The conceptual key behind the DOM is its recursive-compositional structure. This means: every part of an XML document is genrally called a „node“. No matter whether the „node“ is an XML tag (like '
The following UML class-diagram shows the basic interfaces an their relationships specified by the DOM:
(Note: Such an inheritance structure with a common abstract superclass or interface (here Node) which allows all its instances to be composed of instances of the same common superclass again, is named „Composite-Pattern“ in terms of OOP-design patterns. It is also often found in the models of graphical user interfaces, e.g. Java where „everything is a JComponent, and may have child-JComponents“.)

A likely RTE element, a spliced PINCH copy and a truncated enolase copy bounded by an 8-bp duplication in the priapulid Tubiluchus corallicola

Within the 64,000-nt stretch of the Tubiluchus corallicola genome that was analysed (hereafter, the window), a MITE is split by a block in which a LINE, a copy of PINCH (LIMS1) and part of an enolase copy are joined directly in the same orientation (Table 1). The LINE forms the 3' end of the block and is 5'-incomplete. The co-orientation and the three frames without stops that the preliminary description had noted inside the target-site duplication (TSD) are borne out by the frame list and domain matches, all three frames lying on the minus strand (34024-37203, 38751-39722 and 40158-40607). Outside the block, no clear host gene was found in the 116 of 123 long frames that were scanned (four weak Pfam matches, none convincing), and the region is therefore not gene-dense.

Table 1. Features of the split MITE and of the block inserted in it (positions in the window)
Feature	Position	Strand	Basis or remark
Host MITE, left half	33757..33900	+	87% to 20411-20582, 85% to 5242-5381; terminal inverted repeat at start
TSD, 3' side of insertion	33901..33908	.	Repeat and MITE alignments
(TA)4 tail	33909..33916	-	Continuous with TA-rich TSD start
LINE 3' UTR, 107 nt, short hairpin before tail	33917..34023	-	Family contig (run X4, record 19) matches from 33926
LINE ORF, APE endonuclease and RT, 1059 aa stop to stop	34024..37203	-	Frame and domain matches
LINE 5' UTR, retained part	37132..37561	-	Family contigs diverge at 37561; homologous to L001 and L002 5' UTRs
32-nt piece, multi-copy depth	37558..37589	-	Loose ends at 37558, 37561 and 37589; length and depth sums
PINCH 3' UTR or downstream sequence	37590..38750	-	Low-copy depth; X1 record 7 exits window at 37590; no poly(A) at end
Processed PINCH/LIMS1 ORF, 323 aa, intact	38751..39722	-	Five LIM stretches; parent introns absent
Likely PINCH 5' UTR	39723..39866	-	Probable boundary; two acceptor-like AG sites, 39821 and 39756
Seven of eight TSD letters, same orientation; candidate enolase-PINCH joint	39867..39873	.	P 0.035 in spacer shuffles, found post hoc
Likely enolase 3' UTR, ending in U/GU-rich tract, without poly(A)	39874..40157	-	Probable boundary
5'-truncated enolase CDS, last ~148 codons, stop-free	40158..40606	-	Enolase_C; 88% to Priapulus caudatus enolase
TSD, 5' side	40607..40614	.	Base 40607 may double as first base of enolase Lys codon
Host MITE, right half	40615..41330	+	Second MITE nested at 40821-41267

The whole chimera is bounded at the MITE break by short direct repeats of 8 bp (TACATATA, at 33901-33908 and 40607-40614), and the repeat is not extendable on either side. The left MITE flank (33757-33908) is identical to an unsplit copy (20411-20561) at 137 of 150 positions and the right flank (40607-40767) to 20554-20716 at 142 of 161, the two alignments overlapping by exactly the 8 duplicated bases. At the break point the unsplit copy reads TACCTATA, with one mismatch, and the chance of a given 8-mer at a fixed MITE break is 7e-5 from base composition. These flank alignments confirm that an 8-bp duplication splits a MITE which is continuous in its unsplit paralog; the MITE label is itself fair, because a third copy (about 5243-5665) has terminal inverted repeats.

Using a language-specific implementation of the DOM-standard, the contents of XML documents can be parsed, processed, and formatted from program code in that specific language. See XML parsing and formatting for an implementation of the DOM-Level-1 specification for the SuperCollider-language.
See also XML parsing and formatting, Unified Modeling Language (UML).